13 January 2012

All Gold Bolo Rei

This Bolo Rei is missing its traditional jewels.  Candied fruits in neon colors are not bedecking the top, and piles of chopped dried fruit are not baked into the dough.

It is more like a simple gold crown for the king.  A lack of ostentation.  A Portuguese King Cake which has been subjected to austerity measures.

But this cake is not a socio-economic political statement.  It is merely a matter of taste-- MY taste.  In the past few years of tasting bolo rei in Portugal, I have found the visual impact of the fruit entirely cancelled out by its off-putting taste and slimy shiny texture.  Meh.

This year I decided to attempt a makeunder on this Lisbon holiday staple.  The result was a golden, crusty, simple, sweet treat that made for many a happy winter breakfast.

Bolo Rei, or King Cake, is not a Mardi Gras treat in Portugal as it is in New Orleans. The Dia de Reis, or Kings' Day, is the night of January 5 into the morning of January 6.  It is known in English as Epiphany or Twelfth Night: the visit from the Magi to the newborn Jesus.

In any case, in Portugal the cake rather outshines the holiday itself.  It is sold throughout the whole holiday season, from November through mid-January.  Some families bury small trinkets or fava beans in the cake, and whoever finds it in their slice has to make (or buy) the bolo rei for the next year.

There are plenty of jokes to make about the overwrought versions of this cake and the lack of attention they get on the dessert table.  BB likes to say we should just recycle the things from year to year.  On the other hand, I love the soft eggy dough.  I love the sweet-but-not-sweet flavor, somewhere between a bread and a cake.  I love that it toasts in slices with hundreds of nooks and crannies for the butter to slide into.  I love that it lasts for about a week before losing its luster.

And so, here is a simple bolo rei celebrating everything I love about this cake and nothing I don't.  Some sultanas, some slivered almonds, some honey, some almond liqueur.  A deep golden crust that tempts me more than any candied fruit could.

Viva o Rei!  Long live the King!

All Gold Bolo Rei
makes one 10-inch ring cake
adapted from The Food of Portugal

1 package active dry yeast
1/2 cup sugar
4 cups sifted all-purpose flour, divided
1/4 cup lukewarm water
1/3 cup sultanas
1/3 cup slivered almonds
1/3 cup amêndoa amarga, Cointreau, or other sweet liqueur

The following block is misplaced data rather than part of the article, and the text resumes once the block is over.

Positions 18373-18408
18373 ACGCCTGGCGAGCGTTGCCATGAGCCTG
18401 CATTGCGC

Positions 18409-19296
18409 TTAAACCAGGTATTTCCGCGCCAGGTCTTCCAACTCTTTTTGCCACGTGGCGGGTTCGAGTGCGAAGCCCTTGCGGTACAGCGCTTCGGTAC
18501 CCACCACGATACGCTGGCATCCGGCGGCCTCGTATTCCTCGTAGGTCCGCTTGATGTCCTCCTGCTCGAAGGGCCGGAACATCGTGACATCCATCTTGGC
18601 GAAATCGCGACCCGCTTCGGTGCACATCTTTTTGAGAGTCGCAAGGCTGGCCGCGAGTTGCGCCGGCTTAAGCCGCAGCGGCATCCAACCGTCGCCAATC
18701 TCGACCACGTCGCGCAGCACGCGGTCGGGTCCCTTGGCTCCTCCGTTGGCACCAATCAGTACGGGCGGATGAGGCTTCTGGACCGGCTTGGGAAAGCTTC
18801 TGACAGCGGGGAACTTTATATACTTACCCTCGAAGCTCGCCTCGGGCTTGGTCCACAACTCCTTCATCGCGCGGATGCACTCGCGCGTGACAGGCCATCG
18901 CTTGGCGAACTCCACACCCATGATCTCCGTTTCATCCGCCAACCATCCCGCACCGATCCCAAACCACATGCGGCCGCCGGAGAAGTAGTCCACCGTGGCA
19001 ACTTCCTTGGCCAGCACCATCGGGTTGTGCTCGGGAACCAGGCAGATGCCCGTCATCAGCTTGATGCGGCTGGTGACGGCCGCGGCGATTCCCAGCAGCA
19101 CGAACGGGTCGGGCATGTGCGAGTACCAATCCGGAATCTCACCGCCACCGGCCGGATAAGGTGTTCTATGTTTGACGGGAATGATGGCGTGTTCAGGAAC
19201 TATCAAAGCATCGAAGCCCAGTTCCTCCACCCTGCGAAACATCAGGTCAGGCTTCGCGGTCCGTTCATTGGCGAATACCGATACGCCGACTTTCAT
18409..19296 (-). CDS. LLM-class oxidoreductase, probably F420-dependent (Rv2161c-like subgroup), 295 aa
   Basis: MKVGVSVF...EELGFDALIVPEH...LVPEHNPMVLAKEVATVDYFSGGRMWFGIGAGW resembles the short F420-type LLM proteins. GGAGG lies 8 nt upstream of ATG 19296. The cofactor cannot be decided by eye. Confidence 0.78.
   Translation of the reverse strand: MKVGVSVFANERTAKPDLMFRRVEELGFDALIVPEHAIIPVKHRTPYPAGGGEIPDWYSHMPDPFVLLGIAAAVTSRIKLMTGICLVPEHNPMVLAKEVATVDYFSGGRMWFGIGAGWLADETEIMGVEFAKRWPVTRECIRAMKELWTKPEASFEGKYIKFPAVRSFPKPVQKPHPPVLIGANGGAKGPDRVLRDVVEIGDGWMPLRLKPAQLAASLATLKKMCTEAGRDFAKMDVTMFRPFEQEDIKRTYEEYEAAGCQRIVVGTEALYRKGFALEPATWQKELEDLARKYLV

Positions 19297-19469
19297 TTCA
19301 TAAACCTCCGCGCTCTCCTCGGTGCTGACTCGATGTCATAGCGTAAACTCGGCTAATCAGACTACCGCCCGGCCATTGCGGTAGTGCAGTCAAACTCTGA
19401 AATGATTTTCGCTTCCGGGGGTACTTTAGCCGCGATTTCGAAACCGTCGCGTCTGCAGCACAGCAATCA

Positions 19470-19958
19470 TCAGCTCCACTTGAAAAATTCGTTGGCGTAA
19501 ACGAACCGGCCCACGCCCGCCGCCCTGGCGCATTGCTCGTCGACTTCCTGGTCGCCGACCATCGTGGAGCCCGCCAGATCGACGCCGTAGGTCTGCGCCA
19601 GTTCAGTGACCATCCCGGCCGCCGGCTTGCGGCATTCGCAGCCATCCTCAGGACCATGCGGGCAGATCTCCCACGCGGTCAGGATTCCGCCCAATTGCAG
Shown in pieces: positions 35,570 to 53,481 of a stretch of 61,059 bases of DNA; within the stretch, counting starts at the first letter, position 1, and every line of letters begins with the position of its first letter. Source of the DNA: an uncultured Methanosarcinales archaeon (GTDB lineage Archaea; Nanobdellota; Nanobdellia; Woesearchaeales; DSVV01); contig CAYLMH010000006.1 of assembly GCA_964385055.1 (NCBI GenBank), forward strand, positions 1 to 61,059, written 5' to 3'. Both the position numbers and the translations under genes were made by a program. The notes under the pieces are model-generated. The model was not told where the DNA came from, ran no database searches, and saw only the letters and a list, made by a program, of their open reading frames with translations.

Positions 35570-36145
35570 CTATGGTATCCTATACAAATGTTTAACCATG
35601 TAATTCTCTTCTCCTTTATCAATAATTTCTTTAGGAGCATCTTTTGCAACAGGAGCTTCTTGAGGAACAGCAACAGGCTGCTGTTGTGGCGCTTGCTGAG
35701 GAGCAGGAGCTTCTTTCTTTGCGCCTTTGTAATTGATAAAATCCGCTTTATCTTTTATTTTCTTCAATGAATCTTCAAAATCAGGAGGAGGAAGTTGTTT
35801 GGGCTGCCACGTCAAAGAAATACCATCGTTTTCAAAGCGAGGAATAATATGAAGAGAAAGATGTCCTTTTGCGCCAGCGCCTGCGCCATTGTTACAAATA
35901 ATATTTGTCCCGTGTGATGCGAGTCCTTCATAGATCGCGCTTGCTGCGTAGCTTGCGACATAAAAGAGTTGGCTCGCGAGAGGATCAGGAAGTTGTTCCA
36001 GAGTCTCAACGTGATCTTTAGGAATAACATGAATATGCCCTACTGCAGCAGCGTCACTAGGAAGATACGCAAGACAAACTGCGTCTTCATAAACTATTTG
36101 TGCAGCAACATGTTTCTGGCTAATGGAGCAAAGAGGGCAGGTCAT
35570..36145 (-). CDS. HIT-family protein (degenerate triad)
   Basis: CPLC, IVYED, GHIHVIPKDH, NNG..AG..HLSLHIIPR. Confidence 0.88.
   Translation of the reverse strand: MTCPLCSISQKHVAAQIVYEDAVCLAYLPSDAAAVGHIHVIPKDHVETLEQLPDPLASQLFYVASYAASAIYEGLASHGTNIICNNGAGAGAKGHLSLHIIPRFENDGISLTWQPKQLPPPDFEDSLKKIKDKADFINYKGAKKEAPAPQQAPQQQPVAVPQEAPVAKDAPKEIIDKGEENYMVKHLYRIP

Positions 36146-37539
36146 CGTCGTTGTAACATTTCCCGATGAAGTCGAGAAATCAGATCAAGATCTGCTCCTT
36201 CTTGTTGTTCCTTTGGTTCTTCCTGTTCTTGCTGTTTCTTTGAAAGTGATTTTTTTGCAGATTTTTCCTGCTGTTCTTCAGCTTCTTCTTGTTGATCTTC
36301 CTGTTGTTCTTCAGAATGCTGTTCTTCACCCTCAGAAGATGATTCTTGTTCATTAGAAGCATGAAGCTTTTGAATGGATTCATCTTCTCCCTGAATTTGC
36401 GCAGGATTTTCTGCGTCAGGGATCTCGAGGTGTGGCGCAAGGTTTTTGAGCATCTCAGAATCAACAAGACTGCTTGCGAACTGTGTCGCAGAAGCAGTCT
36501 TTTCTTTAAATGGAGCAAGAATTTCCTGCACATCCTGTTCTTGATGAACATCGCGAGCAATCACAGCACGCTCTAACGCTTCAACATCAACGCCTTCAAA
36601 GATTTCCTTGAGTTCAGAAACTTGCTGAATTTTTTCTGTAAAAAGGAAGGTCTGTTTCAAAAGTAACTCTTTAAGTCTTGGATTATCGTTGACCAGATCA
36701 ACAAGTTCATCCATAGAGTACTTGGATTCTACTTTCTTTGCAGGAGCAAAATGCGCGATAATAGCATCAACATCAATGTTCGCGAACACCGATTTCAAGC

6 tablespoons of unsalted butter
grated rind of one orange
grated rind of one lemon
2 large eggs
1/4 cup lukewarm milk
Glaze: 1 large egg yolk whisked with 2 tablespoons water
Topping: 1/4 cup slivered almonds, 2 tbsp raw sugar and 1/4 cup honey

1. In a large warm bowl, combine the yeast, 1 tablespoon of the sugar, and 1/2 cup of flour, pressing out all lumps.  Pour in the lukewarm water and whisk until smooth.  Cover with a dry cloth and set in a warm spot for about 30 minutes until spongy, light, and doubled in bulk.
2. While the sponge is rising, macerate the sultanas and the almonds in the liqueur.
3. Cream together the butter, orange and lemon rinds, and remaining sugar until it is light.  Beat in the eggs, one at a time, and when light yellow and airy add the milk.
4. When the sponge is done rising, stir it down and add it to the butter-egg-milk mixture along with 1/2 cup of flour.  Mix until smooth. Add the macerated raisins and almonds and the liqueur.  Add the remaining flour, 1/2 cup at a time, mixing well after each addition.  The final dough will be sticky and too soft to knead at this point.
5. Scoop the dough into a well-oiled bowl and pat the surface with oiled hands.  Cover with a dry cloth and set in a warm spot to rise until doubled in bulk (about 1 hour).
6. When it has risen, punch the dough down and knead it 30 to 40 times on a well-floured surface.  Shape it into a chunky rope about 22 inches long.  Bend into a circle and knead the ends together well.
7. Ease the ring onto a silpat lined baking sheet.  Brush the ring with the egg and water mixture, trying to keep the glaze on the top of the dough.  (If you don't use silpat, then the eggs will act like glue and it will be very hard to remove the loaf after it is cooked.)  Sprinkle with the almonds and raw sugar, and cover with a dry cloth to let rise for about 45 minutes.
8. As the dough has its final rise, preheat the oven to 400F (200C).  Glaze the top of the loaves again with the egg mixture.
9. Bake the loaf uncovered for 20 minutes, then lower the oven temperature to 350F (160C).  Bake for 10-15 minutes longer, until deeply golden.  Remove from the oven and cool on a rack.  Drizzle the honey over the center crack on the top of the loaf, around and around until it is all soaked in.
10. When cool enough to eat, cut into wedges and enjoy.  After a few days, it is still excellent when cut into slices and toasted, then covered with butter.

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